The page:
Two parking spaces in front of Northwest Savings Bank's corporate offices will be designated as a temporary loading zone in the coming weeks.
A letter from NWSB to the City of Warren said that the bank's construction project will necessitate the closure of their shipping and receiving dock on Pennsylvania Avenue. The letter proposed to set aside spaces in front of the office for the zone, adding that the space would need to be large enough to accommodate medium sized trucks and still provide room for loading and unloading. Larger trucks would be diverted to another point and the letter indicated that NWSB would incur all costs associated with the switch.
The concept met some resistance.
Council Vice-president Maurice Cashman asked whether it would be "better for traffic and your use to use Second Avenue rather than Liberty."
Dale Keeney and Mark McCullough of NWSB were in attendance at Monday's meeting of Warren City Council to respond to concerns and questions.
"We thought about that and it would work," Keeney said of the Second Avenue loading zone. "It would probably require more than one space," he added, noting that the bank wanted to limit their request to one parking space. He said "we don't want to take any more than what we could temporarily need."
"One of the issues with that door over there (on Second Avenue) is that it doesn't go to the first floor," McCullough said, adding that the door opens to a stairwell that has basement and second floor access. He also explained that an additional concern with a Second Avenue loading zone would be security, since many of the documents that the bank sends for destruction include individual customer information which is confidential. He said the packages would have to be monitored because the documents "can't sit on the sidewalk unattended."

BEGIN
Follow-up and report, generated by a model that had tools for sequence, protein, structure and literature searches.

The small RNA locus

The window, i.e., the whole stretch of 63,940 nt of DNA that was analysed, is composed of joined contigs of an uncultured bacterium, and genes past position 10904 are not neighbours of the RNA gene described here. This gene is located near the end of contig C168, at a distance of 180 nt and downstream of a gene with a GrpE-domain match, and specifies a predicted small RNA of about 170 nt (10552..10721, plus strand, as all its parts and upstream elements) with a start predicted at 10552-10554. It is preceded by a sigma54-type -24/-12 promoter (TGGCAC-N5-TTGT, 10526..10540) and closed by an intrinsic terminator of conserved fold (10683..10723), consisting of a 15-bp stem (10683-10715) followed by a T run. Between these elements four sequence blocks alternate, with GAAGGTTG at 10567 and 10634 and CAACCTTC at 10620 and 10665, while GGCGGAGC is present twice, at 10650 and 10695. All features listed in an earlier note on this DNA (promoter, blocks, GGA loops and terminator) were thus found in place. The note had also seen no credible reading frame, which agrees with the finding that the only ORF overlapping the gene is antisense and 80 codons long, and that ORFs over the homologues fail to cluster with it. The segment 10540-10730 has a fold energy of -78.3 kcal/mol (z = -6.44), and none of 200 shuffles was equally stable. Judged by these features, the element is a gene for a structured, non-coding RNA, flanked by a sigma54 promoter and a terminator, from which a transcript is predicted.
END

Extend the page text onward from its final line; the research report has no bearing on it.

Police Chief Raymond Zydonik expressed concern that the Second Avenue option would encroach "on the legal mandate for a 20-foot buffer for a cross walk at an intersection. You're not permitted to park within that distance of a crosswalk." When Mayor Mark Phillips asked which option Zydonik prefers, Zydonik said that he "recognize(s) Northwest's concerns and desires. I would recommend the Second Avenue" option, designating the two spaces on Second Avenue closest to Liberty as the designated loading zone. "You'd probably get less put back and complaints from citizens" because the zone would be "close to the construction area," Zydonik noted.
"If that's what we're going to get, we're going to make it work," McCullough said. "We want to be a partner here," Phillips noted. Keeney then said "if that means more public acceptance, that would work for us."
"If we lose two spots on Liberty and two on Second, what's the relative advantage to do it and hinder the bank," Councilman Sam Harvey asked.
Assistant City Manager Mary Ann Nau said that the city could implement a 90 day temporary designation but recognized the need to do something more permanent. The letter from NWSB said that the temporary zone would likely not be needed by Spring 2014.
Zydonik said that another option would be to implement the 90 day order "and see how it works, if it works." The determination could then be made to issues a temporary permanent zone through the construction phase. Council unanimously decided to adopt that model and set aside two spaces in front of NWSB corporate offices as the temporary loading zone.